Remarks by Secretary-General António Guterres to the General Assembly on Priorities for 2024

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February 7, 2024

Mr. President of the General Assembly,


Ladies and gentlemen,

Let me begin by extending my very best wishes for 2024.

I wish health and happiness for you and your families — and peace for our world.

Our organization was founded on the pursuit of peace.

Peace is our raison d’être.

Yet as I scan the landscape of today’s world, the one thing missing most dramatically is peace.

And by that, I mean peace in all its dimensions.

As conflicts rage and geopolitical divisions grow, peace in our world is threatened.

As polarization deepens and human rights are trampled, peace within communities is undermined.

As inequalities explode, peace with justice is shattered.

As we continue our addiction to fossil fuels, we make a mockery of any notion of peace with nature.

Around the globe, and across the range of issues, peace is the missing piece.

People want peace and security.

People want peace and dignity.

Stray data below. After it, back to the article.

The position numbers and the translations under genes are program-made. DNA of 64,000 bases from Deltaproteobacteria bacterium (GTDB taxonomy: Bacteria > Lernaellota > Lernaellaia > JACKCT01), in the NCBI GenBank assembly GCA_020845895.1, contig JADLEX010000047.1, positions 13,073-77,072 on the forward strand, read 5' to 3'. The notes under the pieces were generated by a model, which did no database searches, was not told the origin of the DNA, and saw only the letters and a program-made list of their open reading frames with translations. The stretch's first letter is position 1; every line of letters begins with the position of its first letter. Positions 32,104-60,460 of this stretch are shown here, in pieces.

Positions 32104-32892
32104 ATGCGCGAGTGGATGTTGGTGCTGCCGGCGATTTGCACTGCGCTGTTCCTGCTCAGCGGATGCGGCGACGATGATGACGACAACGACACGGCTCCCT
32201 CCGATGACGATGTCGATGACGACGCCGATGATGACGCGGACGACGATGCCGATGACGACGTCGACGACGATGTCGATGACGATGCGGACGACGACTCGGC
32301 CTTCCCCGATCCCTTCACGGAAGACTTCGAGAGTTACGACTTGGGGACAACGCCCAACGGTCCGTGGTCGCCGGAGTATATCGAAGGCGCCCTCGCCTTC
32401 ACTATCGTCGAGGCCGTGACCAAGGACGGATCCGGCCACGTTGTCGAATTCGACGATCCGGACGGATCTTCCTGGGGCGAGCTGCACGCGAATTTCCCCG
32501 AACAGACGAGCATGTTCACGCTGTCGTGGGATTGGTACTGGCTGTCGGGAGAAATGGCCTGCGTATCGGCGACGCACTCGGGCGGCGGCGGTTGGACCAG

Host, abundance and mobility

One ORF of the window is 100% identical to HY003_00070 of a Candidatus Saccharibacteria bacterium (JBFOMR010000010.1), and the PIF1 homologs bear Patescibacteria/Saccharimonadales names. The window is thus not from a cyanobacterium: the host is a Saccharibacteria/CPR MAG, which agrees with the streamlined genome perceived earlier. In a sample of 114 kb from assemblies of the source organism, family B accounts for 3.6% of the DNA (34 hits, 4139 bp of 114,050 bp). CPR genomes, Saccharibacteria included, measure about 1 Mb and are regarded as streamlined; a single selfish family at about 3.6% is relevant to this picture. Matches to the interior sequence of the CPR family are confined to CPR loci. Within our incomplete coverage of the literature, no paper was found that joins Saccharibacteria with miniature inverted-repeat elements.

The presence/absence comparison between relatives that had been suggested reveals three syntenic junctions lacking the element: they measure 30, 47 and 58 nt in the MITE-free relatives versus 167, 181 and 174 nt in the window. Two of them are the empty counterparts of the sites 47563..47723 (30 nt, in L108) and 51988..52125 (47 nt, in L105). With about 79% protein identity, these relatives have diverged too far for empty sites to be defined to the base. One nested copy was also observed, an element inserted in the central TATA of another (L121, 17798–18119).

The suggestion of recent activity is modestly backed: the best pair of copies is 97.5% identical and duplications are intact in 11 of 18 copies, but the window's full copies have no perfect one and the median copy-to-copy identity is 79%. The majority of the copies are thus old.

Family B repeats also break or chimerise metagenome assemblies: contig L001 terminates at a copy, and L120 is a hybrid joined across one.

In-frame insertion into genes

And, frankly, they want peace and quiet.

There is so much anger and hate and noise in our world today.

Every day and at every turn, it seems – it’s war.

Terrible conflicts that are killing and maiming civilians in record numbers.

Wars of words.  Turf wars.  Culture wars.

So many peddling the perverse math that says you multiply support by dividing people.

This is especially troubling in a year when half of humanity will go to the polls.

Meanwhile, more and more families are falling behind.

More and more countries are drowning in debt.

More and more people are losing trust in institutions and faith in the political process.

Peace is the way out of these interlinked crises.

Peace is more than a noble vision.

Peace is a rallying cry.  It is a call to action.

Our obligation is to act together for peace in all its dimensions.


Despite the turbulence of our times, there are reasons for hope.